Prof. Michael Hudson, economist and author of ‘Killing the Host- How Financial Parasites and Debt Destroy the Global Economy’, speaks to Ross Ashcroft about the difficult choice faced by Americans in the upcoming US elections.
“Soybeans? Yes, there has been a record bumper crop this year in the U.S., and strong demand from China helped fuel an export bonanza.”
The U.S. economy grew in the third quarter at its fastest pace in two years, due largely to factors that are unlikely to last. GDP increased at a 2.9% rate, above expectations and at the best rate since the 5% posted in the third quarter of 2014. The positive surprise comes as the Fed contemplates its second interest rate hike in more than 10 years, and Americans are set to elect a new president in less than two weeks. However, a look under the hood shows that the U.S. is likely stuck in the same growth trap in which it has found itself since the Great Recession ended in mid-2009. Many of the gains came due to a surge in soybean exports. Soybeans? Yes, there has been a record bumper crop this year in the U.S., and strong demand from China helped fuel an export bonanza.
However, that’s not expected to last, and the U.S. also is likely to face competition in the market. But there were other factors besides soybeans not to like in this report. Consumer spending cooled to 2.1% from 4.3% in the previous quarter, residential investment tumbled by 6.2%, equipment purchases declined by 2.7% and the growth rate of final sales to domestic purchasers increased by just 1.4%. “Accordingly, a reasonable case could be made that this is actually a disappointing GDP report,” Paul Ashworth, chief U.S. economist at Capital Economics, said in a client note. In addition to the soybean-led export growth, the GDP report also was aided by a 0.6 %age point gain in inventories.
Excluding “transitory” effects, the actual growth rate would have been closer to the 1.5% rate of the past four quarters, even including Friday’s reading, according to David Rosenberg, chief economist and strategist at Gluskin Sheff. “In other words, nothing here to write home about,” he said in his morning note.
A German view of a once German bank.
Greed, provincialism, cowardice, unfocused aggression, mania, egoism, immaturity, mendacity, incompetence, weakness, pride, blundering, decadence, arrogance, a need for admiration, naiveté: If you are looking for words that explain the fall of Deutsche Bank, you can choose freely and justifiably from among the above list. The bank, 146 years after its founding, has become the target for all manner of pejoratives, and not just from outside observers. All of the above terms were used in interviews held during months of reporting into the causes of the downfall of Germany’s largest financial institution. They popped up over the course of several hours of interviews with four Deutsche Bank CEOs, three former and one current.
And they were uttered in interviews with eight additional senior bank managers and board members conducted over the course of several years, from the 1990s until today, and in meetings with captains of industry who know the bank well and during encounters with major stakeholders. More than anything, the disparaging words come up frequently in interviews with those who have worked or still work at the bank as customer service advisors, as branch managers or in positions lower down on the food chain. What we have found in the course of these myriad interviews – combined with the hours spent analyzing bank balance sheets, thousands of pages of files, committee meeting minutes and archive material – is that the collapse of Deutsche Bank is the result of years, decades, of failed leadership, culminating in the complete loss of control of the company by top managers during the period between 1994 and 2012.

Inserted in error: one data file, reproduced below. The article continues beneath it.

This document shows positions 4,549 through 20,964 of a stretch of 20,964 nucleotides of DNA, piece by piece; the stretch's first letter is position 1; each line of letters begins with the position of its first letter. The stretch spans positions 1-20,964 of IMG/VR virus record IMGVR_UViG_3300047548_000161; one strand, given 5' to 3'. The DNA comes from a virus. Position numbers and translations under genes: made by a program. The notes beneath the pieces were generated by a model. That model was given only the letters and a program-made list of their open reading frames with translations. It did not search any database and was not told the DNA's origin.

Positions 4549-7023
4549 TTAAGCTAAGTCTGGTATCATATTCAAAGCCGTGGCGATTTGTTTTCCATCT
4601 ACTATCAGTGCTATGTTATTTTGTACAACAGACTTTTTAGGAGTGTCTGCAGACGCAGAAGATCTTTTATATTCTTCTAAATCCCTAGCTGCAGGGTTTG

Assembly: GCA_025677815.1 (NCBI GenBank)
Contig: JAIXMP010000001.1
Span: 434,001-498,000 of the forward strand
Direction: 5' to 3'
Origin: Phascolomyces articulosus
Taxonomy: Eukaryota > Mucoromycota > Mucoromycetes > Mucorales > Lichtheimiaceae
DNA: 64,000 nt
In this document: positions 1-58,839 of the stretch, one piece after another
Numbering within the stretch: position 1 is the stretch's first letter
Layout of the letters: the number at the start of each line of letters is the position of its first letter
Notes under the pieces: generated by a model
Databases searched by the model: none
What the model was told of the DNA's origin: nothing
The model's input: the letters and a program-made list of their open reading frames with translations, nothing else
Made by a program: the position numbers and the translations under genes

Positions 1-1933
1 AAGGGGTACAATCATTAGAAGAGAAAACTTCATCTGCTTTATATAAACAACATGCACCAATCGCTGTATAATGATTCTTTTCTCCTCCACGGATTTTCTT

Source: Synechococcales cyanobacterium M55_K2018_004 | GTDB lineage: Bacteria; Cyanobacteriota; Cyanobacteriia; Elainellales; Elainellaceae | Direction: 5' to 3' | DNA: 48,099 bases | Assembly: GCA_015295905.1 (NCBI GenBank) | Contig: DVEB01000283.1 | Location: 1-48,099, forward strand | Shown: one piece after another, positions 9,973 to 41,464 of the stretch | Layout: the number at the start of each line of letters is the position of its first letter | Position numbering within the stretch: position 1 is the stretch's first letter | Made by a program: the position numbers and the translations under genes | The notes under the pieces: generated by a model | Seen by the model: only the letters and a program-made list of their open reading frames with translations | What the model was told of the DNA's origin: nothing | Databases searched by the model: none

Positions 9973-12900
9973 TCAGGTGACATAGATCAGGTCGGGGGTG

It is a story about how Hilmar Kopper, Rolf E. Breuer and Josef Ackermann, the leaders of Deutsche Bank during those fateful years, essentially turned over the bank to a hastily assembled group of Anglo-American investment bankers before Anshu Jain, the prince of these traders, rose to the top and spent three more years sailing the bank full-speed-ahead into the shoals. It is also a story of how these bank heads, along with numerous other members of the management and supervisory boards, stood aside as Jain and the many other new investment banking heroes modified the staid German financial institution to serve their own purposes – essentially looting it and robbing it of its very soul – without leaving behind a better, stronger bank.
A former business minister has said that Nissan had previously suggested it could move production to France if it was not protected from trade tariffs. Anna Soubry said that No 10 must have privately told Nissan that Britain was remaining in the EU customs union or promised mitigation against any future tariffs before the car firm announced plans to build two new models in the UK. Greg Clark, the current business secretary, has insisted that no financial compensation was offered during numerous discussions with Nissan, which allowed the Japanese carmaker to commit to building its new Qashqai and X-Trail vehicles at its Sunderland plant. It is understood that the government provided a “letter of comfort” to Nissan promising that the UK car industry would remain competitive after Brexit.
Ministers, however, would neither confirm nor deny whether such a letter had been sent. Sources said the letter was understood to give an undertaking that Nissan would not face “additional costs” after the UK leaves the EU, implying that the taxpayer could be liable for subsidising the car industry in the event of tariffs being imposed on automotive exports. Downing Street also declined to say if more specific informal promises had been offered to Nissan and by implication to other carmakers, but industry sources have said they have been reassured by the government that they would not suffer from tariffs after the UK leaves the EU. No 10 is under pressure to publish the letter and Clark is to be called before the Commons business committee to explain what he has offered in the way of support to Nissan.